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Teachers vote on labor proposal; results TBD

By Katy Murphy
Monday, May 3rd, 2010 at 8:53 pm in OEA, OUSD central office, strike, teachers.

STUDENT AT OAKLAND TEACHERS' ONE DAY ACTION. PHOTO BY LANE HARTWELL/TRIBUNEI spent an hour outside a membership meeting at Oakland Technical High School this evening, talking with teachers about the labor dispute — and the big vote on a proposal that would authorize union leaders to call further actions, including a strike.

(An amendment to tonight’s proposal requires an indefinite strike to be approved by a majority of the union representatives at each school, in addition to the union’s 15-member executive board. Tonight’s vote tally should be available by late afternoon/early evening tomorrow.)

Here’s what they told me:

Kiernan Rok, a fourth-year special education teacher at Edna Brewer Middle School, said he and others at the meeting thought the union should “build on last Thursday,” the one-day strike. A longer-term strike would be a last resort, he said, but he is willing to do his part to secure a better contract. He said he had a meeting this morning with an instructional coach, an outside contractor; given the district’s financial constraints, he feels the district should rely more heavily on (and pay) experienced teachers. “There’s a lot of knowledge in this district; there’s a lot of experience.”

Emily Macy, a teacher at Oakland High who’s been in the district for almost two years, says she feels an attack on public education at the local, state and national level that’s resulting in an erosion of public services. She says she felt a great sense of unity during Thursday’s strike, and not just among teachers. As for the contract: “The money is OK. For me, I worry more about class sizes and the adult education program.”

Tom Reinhardt, from Oakland High (two years in OUSD), said he supports the union. He also said “there’s a lot of fear” about how a strike will affect the community — and how it will be perceived during an economic recession when so many are out of work. “It doesn’t look really great for the teachers to be out here asking for more money,” he said.

Connie Branson, a veteran teacher from Lincoln Elementary School, has lived through “every strike since 1985.” She said she’s not so worried about her own paycheck — she’s close to retirement — but about “our young teachers” and the importance of keeping them in the district. She’s also concerned about the district’s enormous debt, which she considers — in part — to be a legacy of state administration. “I have a great deal of respect and admiration for Tony Smith, and I am concerned about what happened before he came,” she said.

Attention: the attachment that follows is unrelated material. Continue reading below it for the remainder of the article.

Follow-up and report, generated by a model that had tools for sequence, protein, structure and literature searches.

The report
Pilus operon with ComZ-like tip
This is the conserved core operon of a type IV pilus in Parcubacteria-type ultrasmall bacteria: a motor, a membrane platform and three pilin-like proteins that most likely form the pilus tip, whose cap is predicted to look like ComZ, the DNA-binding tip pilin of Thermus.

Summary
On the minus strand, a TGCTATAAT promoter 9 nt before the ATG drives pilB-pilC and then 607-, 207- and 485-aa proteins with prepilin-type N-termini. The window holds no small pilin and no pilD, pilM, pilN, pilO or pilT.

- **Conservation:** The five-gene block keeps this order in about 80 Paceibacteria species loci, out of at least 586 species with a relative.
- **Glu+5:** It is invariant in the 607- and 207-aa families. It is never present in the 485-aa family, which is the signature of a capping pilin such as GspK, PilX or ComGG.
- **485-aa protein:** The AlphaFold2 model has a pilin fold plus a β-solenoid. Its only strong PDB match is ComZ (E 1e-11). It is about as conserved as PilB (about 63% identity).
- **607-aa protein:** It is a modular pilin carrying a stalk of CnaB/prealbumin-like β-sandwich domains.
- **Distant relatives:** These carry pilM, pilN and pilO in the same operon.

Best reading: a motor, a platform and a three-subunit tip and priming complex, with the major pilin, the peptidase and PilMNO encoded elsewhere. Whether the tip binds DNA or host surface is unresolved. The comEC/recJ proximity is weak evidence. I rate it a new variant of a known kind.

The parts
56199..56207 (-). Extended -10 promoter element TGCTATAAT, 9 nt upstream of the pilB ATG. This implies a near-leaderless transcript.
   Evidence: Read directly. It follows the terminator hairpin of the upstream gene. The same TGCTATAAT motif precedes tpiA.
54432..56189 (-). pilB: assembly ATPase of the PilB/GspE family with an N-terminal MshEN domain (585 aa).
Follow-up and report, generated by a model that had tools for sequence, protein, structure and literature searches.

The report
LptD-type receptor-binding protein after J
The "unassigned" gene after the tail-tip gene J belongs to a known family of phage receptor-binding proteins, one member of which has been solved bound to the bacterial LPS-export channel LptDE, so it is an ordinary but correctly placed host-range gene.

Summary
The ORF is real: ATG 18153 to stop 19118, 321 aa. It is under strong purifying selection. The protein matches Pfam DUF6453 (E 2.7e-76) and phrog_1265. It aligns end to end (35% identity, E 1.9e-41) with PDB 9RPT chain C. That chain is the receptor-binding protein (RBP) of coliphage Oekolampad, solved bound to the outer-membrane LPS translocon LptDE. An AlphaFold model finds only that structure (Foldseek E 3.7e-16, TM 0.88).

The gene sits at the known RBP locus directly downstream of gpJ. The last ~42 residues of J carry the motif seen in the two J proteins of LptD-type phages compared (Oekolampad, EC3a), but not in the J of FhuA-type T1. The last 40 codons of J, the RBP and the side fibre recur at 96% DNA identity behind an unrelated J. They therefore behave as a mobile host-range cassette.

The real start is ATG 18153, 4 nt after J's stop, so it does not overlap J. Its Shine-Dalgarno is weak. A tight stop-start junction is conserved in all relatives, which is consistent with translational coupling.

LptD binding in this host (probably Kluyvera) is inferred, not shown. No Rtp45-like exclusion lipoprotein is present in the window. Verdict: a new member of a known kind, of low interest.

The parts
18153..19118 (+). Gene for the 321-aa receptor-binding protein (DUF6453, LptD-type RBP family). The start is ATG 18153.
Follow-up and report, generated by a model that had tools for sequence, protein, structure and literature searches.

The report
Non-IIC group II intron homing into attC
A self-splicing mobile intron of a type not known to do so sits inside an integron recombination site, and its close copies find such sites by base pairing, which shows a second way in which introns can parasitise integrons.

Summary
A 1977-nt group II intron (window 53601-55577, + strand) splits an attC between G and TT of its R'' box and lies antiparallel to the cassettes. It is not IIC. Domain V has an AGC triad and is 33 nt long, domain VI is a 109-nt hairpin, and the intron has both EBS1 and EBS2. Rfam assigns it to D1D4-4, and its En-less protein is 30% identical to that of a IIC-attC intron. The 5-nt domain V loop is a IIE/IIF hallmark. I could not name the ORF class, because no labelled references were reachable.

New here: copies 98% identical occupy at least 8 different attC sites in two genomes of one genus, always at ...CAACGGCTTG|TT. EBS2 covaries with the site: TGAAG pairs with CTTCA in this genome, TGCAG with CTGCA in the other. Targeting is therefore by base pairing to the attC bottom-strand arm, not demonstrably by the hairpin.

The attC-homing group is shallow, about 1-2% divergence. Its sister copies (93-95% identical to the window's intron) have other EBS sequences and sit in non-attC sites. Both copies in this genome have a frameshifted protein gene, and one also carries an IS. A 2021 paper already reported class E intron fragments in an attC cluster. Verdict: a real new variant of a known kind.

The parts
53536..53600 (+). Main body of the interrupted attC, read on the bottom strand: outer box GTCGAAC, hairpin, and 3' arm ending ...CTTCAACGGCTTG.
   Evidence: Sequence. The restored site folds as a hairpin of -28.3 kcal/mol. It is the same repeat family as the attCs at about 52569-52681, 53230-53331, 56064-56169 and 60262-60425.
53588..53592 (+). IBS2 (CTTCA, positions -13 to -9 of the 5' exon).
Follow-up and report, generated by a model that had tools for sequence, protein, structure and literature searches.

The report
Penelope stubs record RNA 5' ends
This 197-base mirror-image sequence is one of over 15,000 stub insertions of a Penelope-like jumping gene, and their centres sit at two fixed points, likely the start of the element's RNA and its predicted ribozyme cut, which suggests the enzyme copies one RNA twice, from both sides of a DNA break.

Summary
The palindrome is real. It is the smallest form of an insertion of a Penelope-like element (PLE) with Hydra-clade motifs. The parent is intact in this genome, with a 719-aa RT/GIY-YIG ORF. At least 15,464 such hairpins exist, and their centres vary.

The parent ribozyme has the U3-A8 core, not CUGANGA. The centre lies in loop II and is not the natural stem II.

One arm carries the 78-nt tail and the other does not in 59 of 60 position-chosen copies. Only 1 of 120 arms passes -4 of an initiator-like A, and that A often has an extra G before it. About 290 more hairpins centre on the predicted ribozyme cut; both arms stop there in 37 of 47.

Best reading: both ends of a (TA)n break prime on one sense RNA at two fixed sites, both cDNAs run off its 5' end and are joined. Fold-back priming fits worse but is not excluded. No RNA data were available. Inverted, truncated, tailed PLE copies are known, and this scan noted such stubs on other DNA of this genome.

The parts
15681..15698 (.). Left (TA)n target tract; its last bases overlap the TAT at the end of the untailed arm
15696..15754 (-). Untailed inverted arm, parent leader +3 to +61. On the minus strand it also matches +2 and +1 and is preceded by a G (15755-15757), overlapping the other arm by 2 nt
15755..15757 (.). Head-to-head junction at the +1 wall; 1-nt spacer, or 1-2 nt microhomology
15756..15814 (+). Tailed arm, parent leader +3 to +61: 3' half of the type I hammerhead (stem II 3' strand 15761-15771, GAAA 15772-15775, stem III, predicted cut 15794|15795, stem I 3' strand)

Manuel Herrera, a third-year teacher at Learning Without Limits, a small elementary school in East Oakland, reflected on the unity he experienced at his school at last Thursday’s strike. “It was a powerful day for me,” he said. He added, “One day was powerful; many days could go either way. … I support the union, and I support my teachers, but I want to make sure we make the best decision for our kids, and at this point I don’t know what that is. … It’s a struggle, and it’s really pulling me away from the classroom.

Malana Willis, another third-year teacher at Learning Without Limits, said she was also unsure of the best way forward. Districts throughout California are struggling with declining state revenues, she said. “I would like to see all of the teachers in the state really rally around that. … It’s pulling from nothing. The district doesn’t have a lot of money to begin with. … I just want to do what’s most effective.”

Do you think an indefinite strike will come to pass? Would you support it? For those who were around (as teachers, students or community members) the 1996 strike: What was it like? What did you learn from that experience?

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  • Mahmood Ketabchi

    Teachers and other working people should not be paying for the mess created by the state and the corporate America. I will support a teacher strike. I hope they stand up for our public schools and a quality education for the children of Oakland.

  • Katy Murphy

    I just added the perspectives of two Oakland teachers I interviewed last night, Manuel Herrera and Malana Willis of Learning Without Limits Elementary in East Oakland.

    I realized this morning that I had forgotten to include them.

  • TheTruthHurts

    Malana Willis for OEA President – “The district doesn’t have a lot of money to begin with. … I just want to do what’s most effective.”

    Most effective? Not most politically correct? Not most philosophically pure? Not without any financial risk? Nope, just good ole’ fashioned – EFFECTIVE!

    I’m with you Malana. Hope OEA is with you and figures out what is most effective – for kids.

  • harlemmoon

    A strike will, in the short term, attract negative press, further identify OUSD as a troubled, disconnected district and alienate potential partners and stakeholders who might otherwise invest in the schools.
    Can this really be defined as “effective”?

  • Nextset